I get it. We do in-depth prospect features here, we do prospect film breakdowns, but what everyone really wants is the ranking. So here we go, we're going to rank the Penguins' prospects.
To qualify as a "prospect" for this exercise, there are three criteria.
- The player must be drafted by or under contract with Pittsburgh, not on an AHL deal with Wilkes-Barre/Scranton.
- The player must be age 25 or under.
- The player must not have played in an NHL game.
Using that criteria, we can come up with a list of 27 players. We're going to break that into three separate lists running in reverse order over three days. Today, we'll rank Nos. 21-27.
27. SANTERI AIROLA
How acquired: 2019, seventh round
Size: 5-11, 163
Airola was the second of two seventh-round picks in this summer's draft. He had a successful 2018-19 season in Finland, but he was playing with SaiPa's U18 and U20 junior teams, and only cracked the main SaiPa team for three games. He won't be playing in Liiga next season either, as he's under contract with Kettera of the second-tier Mestis league.
The Penguins retain Airola's signing rights until June 2023, so luckily he has a few years to continue to develop -- and get physically stronger -- in Finland.
26. RYAN JONES
How acquired: 2016, fourth round
Size: 6-2, 185
Jones looks to have a low ceiling. He's a physical defensive defenseman, and has spent the past three years playing on a bad Nebraska-Omaha team.
He was heavily utilized by his team last season, playing on the top defensive pairing. His minus-32 rating last season is mainly a reflection of how many minutes he played. Jones hasn't produced much offensively in college, with two goals and 29 assists in 105 games, but he didn't produce much offensively in juniors either. He plays more of a shutdown game.
25. LINUS OLUND
How acquired: 2017, fifth round
Size: 5-11, 185
Olund had a rough time in his first professional season. He recorded six goals and nine assists in 61 games with Wilkes-Barre. He primarily played a fourth-line role and was a healthy scratch at times.
Olund requested to return to Sweden next season, and the Penguins are loaning him to his previous SHL club, Brynas. He's still under contract until 2021 and could return to North America for the 2020-21 season.
Andreas Dackell, the sports director for Brynas, made it clear that the Penguins aren’t giving up on Olund.
“They see development opportunities and potential in him and think it is good that he can come here and develop in an environment where he has done well before,” Dackell told Brynas' website. “We are extremely grateful that we will get him here.”
24. VALTERI PUUSTINEN
How acquired: 2019, seventh round
Size: 5-9, 183
Puustinen is a late bloomer. He made his professional debut last season with HPK, and scored 10 goals and three assists in 47 games.
Puustinen is definitely on the smaller side, but he's able to compensate, in part, with his speed.
The Penguins retain Puustinen's exclusive signing rights until June 2021, so he only has two more seasons to develop in Finland before the Penguins would have to decide whether to sign him.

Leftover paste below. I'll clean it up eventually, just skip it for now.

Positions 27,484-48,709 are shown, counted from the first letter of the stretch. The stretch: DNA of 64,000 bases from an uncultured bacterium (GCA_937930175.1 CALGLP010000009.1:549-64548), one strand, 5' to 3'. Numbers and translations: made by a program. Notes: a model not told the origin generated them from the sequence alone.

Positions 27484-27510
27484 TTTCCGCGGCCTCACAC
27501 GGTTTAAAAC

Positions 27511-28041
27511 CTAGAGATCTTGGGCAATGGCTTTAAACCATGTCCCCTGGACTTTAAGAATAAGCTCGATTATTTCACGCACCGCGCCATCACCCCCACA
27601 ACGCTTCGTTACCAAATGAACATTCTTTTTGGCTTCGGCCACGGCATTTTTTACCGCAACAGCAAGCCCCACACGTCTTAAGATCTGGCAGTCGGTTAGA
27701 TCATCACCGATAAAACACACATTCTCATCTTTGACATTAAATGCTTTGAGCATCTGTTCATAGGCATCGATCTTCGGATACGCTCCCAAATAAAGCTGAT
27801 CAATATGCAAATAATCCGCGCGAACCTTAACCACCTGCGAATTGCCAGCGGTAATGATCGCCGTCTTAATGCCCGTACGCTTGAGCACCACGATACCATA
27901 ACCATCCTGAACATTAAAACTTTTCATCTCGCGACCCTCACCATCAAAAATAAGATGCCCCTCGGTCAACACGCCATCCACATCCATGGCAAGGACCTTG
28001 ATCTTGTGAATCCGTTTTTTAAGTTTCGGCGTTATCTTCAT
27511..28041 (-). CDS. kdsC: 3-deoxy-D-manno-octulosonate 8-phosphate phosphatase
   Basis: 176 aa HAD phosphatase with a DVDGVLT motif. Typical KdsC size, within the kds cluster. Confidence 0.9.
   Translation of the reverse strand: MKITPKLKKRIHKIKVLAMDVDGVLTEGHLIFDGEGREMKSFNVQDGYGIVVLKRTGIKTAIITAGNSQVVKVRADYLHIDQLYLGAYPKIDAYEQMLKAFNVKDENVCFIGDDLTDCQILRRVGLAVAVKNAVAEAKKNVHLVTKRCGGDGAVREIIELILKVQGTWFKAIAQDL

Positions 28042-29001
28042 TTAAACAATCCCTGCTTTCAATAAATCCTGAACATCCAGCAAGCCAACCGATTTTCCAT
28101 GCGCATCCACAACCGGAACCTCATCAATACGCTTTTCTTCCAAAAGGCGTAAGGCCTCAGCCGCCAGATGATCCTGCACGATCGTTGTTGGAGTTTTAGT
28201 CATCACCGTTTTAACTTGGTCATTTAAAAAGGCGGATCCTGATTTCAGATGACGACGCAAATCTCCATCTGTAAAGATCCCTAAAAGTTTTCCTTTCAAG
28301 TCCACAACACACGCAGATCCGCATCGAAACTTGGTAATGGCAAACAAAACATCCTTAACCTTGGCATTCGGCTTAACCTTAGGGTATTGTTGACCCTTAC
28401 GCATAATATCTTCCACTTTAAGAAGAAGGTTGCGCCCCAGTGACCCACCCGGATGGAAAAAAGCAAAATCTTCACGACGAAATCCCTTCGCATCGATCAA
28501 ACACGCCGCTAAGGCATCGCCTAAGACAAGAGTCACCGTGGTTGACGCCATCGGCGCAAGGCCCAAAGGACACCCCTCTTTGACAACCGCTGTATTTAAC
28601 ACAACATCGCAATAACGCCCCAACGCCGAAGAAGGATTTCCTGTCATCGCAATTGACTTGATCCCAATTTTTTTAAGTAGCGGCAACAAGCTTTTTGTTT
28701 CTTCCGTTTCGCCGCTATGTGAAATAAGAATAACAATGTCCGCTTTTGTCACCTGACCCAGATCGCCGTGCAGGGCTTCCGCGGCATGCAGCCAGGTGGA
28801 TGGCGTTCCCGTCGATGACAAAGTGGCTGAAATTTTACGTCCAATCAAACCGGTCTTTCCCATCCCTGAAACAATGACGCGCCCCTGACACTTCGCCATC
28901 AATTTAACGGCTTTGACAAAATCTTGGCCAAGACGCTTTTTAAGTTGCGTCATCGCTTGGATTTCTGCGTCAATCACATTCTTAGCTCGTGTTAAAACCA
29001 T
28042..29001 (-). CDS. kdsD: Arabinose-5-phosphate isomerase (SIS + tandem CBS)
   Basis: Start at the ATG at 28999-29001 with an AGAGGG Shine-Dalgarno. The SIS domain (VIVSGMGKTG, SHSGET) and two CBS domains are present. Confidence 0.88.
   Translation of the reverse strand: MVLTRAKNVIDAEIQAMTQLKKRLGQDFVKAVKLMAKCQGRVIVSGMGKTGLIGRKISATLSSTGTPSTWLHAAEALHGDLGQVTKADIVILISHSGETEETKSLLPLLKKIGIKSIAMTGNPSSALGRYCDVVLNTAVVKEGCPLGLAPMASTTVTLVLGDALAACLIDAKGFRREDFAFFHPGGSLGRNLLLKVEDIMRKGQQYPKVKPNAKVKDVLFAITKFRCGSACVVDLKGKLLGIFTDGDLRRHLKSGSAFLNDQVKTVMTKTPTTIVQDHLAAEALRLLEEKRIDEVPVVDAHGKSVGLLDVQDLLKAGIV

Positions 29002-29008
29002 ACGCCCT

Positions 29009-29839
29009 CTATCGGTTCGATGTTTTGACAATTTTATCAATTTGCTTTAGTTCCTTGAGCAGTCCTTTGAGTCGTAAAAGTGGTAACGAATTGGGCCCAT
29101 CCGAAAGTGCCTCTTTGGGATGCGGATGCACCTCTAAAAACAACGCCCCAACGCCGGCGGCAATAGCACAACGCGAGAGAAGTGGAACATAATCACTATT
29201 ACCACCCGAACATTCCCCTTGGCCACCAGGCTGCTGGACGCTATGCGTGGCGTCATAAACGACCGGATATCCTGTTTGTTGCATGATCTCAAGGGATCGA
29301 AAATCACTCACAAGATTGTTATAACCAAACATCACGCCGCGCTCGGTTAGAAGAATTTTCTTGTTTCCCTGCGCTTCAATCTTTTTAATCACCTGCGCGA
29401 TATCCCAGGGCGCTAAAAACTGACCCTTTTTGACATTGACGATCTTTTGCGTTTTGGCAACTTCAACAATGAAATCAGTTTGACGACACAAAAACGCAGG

23. ANTTI PALOJARVI
How acquired: 2017, sixth round
Size: 6-1, 172
Palojarvi is a bit of a project. When I spoke with him last summer, he expressed confidence in his ability to stick in the top Finnish men's league for a full season. He only played 16 Liiga games, moving between the U20 team, Liiga, and eventually being loaned to the second-tier Mestis league.
When I spoke with him at this summer's camp, he said his focus for now is still just to stick in Liiga for a full season. He also expressed a desire to add strength and develop the physical side of his game. That would be needed for him to take the next step, since his offensive production hasn't been anything special at the professional level.
The Penguins retain his exclusive signing rights until June 2021, and he’ll likely develop for another two seasons in Finland before moving to North America.
22. LIAM GORMAN
How acquired: 2018, sixth round
Size: 6-3, 196
Gorman is a big, two-way center. He had offensive success last season with 16 goals and 22 assists in 24 games, but he was playing high school hockey with kids who were a few years younger than him for the most part.
Gorman will begin his college career next season with Princeton, a team that finished ninth in its conference last season and is losing two of their top scorers to the pro game. He'll be able to take on a large role with Princeton which will be good for his development, but he's still likely four years away from turning pro.
21. JUDD CAULFIELD
How acquired: 2019, fifth round
Size: 6-3, 207
Caulfield was the last of three power forwards selected in this summer's draft, a product of the U.S. National Team Development Program. His size is his biggest asset, and he plays a good two-way game. His skating could be stronger, but most players of his size aren't the strongest skaters either.
With six goals and 19 assists in 28 USHL games and six goals and five assists in 36 exhibition games last season with the Development Program, he doesn't have much of a scoring touch. After he was drafted, he said that working on his hands is going to be one of his focuses in college.
Caulfield will begin his college career next season at the University of North Dakota, so he's likely four years from turning pro.
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